If the Democratic Party has a stronghold on Wall Street, it is JPMorgan Chase.
Its chief executive, Jamie Dimon, is a friend of President Obama’s from Chicago, a frequent White House guest and a big Democratic donor. Its vice chairman, William M. Daley, a former Clinton administration cabinet official and Obama transition adviser, comes from Chicago’s Democratic dynasty.
But this year Chase’s political action committee is sending the Democrats a pointed message. While it has contributed to some individual Democrats and state organizations, it has rebuffed solicitations from the national Democratic House and Senate campaign committees. Instead, it gave $30,000 to their Republican counterparts.
Chase wasn't the only interest group sending more to Republicans than Democrats now and this is concerning to Obama and Democrats because "Wall Street" tipped the monetary scales in Obama's 2008 presidential campaign and they, like many others, are suffering some serious buyer's remorse.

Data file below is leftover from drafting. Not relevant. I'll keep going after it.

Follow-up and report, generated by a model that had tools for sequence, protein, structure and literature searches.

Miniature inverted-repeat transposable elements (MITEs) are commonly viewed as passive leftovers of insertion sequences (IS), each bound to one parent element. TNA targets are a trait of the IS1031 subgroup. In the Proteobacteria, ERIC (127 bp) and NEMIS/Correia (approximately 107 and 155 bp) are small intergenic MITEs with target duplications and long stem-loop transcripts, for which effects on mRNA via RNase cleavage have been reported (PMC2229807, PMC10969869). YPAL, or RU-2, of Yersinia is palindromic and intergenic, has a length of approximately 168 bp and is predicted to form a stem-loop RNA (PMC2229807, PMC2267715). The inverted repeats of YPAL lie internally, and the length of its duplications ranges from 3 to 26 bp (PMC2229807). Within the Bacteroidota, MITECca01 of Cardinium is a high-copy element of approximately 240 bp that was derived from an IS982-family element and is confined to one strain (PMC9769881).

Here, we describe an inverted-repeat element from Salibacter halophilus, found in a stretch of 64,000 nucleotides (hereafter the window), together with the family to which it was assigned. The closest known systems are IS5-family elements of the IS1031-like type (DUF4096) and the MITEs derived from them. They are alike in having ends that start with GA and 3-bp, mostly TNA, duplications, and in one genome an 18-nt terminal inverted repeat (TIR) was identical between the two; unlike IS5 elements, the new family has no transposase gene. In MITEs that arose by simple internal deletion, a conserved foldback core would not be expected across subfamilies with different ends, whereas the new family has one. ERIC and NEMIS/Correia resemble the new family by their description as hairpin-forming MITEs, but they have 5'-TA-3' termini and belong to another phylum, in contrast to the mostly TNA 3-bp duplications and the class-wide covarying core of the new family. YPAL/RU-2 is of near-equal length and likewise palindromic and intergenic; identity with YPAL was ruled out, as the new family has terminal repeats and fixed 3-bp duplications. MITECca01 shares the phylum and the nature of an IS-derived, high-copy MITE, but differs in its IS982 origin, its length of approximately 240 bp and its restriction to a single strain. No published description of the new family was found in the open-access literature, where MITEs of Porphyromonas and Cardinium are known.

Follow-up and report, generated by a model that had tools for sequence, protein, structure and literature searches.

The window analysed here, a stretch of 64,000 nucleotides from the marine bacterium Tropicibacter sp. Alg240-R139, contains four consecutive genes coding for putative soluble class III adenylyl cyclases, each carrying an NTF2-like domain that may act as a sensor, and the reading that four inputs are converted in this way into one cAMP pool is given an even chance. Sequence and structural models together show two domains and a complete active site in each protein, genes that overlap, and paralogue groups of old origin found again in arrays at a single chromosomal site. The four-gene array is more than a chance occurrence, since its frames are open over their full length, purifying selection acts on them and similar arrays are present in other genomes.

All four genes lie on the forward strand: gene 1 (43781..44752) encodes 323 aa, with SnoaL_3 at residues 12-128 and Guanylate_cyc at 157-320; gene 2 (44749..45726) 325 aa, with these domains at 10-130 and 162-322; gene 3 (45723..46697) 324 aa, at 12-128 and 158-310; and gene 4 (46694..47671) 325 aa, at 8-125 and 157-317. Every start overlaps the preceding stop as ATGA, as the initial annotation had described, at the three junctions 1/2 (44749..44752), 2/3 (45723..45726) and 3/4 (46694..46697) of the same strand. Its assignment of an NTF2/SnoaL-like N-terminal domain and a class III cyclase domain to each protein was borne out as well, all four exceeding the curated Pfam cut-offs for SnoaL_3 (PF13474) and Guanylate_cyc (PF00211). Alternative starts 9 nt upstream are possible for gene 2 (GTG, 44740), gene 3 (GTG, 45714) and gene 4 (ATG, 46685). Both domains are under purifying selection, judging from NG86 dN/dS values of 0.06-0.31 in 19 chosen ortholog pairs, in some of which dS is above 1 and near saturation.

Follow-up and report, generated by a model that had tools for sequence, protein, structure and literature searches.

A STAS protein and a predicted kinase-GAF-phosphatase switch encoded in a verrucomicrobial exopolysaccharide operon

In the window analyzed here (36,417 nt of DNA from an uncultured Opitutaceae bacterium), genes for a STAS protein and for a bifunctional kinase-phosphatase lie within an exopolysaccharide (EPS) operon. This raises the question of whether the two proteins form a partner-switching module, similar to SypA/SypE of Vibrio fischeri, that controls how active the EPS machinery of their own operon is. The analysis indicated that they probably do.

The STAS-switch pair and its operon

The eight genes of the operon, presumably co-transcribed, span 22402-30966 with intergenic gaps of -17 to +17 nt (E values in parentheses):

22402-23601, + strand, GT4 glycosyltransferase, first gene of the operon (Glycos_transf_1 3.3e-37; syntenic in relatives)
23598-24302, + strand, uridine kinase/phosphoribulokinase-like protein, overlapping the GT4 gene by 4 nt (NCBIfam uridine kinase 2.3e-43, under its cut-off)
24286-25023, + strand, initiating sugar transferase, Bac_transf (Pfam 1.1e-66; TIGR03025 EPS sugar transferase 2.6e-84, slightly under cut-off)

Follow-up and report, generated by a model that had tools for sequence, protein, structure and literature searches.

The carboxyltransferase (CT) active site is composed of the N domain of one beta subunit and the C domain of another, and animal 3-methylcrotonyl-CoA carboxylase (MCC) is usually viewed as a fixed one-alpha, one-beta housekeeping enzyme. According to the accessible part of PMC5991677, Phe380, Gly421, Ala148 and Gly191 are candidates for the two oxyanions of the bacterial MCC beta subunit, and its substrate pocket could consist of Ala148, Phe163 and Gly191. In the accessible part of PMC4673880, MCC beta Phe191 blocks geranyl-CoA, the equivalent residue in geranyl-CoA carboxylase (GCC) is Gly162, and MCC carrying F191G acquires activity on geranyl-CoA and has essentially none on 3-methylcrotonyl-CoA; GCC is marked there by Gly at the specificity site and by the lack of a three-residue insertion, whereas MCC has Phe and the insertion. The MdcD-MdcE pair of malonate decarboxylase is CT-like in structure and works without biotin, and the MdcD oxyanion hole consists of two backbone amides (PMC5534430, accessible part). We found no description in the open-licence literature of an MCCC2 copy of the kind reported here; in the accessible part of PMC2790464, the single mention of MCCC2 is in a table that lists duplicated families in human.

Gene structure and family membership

"If the president wanted to turn every Democrat on Wall Street into a Republican,” one industry lobbyist said, “he is doing everything right."
Thomas R. Nides, a prominent Democrat who is also a Morgan Stanley executive and chairman of a major Wall Street trade group, the Securities and Financial Markets Association- "I am a big fan of the president. But even if you are a big fan, when you are the piñata at the party, it doesn’t really feel good."
"The expectation in Washington is that ‘We can kick you around, and you are still going to give us money,’ ” said a top official at a major Wall Street firm, speaking on the condition of anonymity for fear of alienating the White House. "We are not going to play that game anymore."
This is what happens when you constantly bite the hand that feeds you... eventually, you stop getting fed.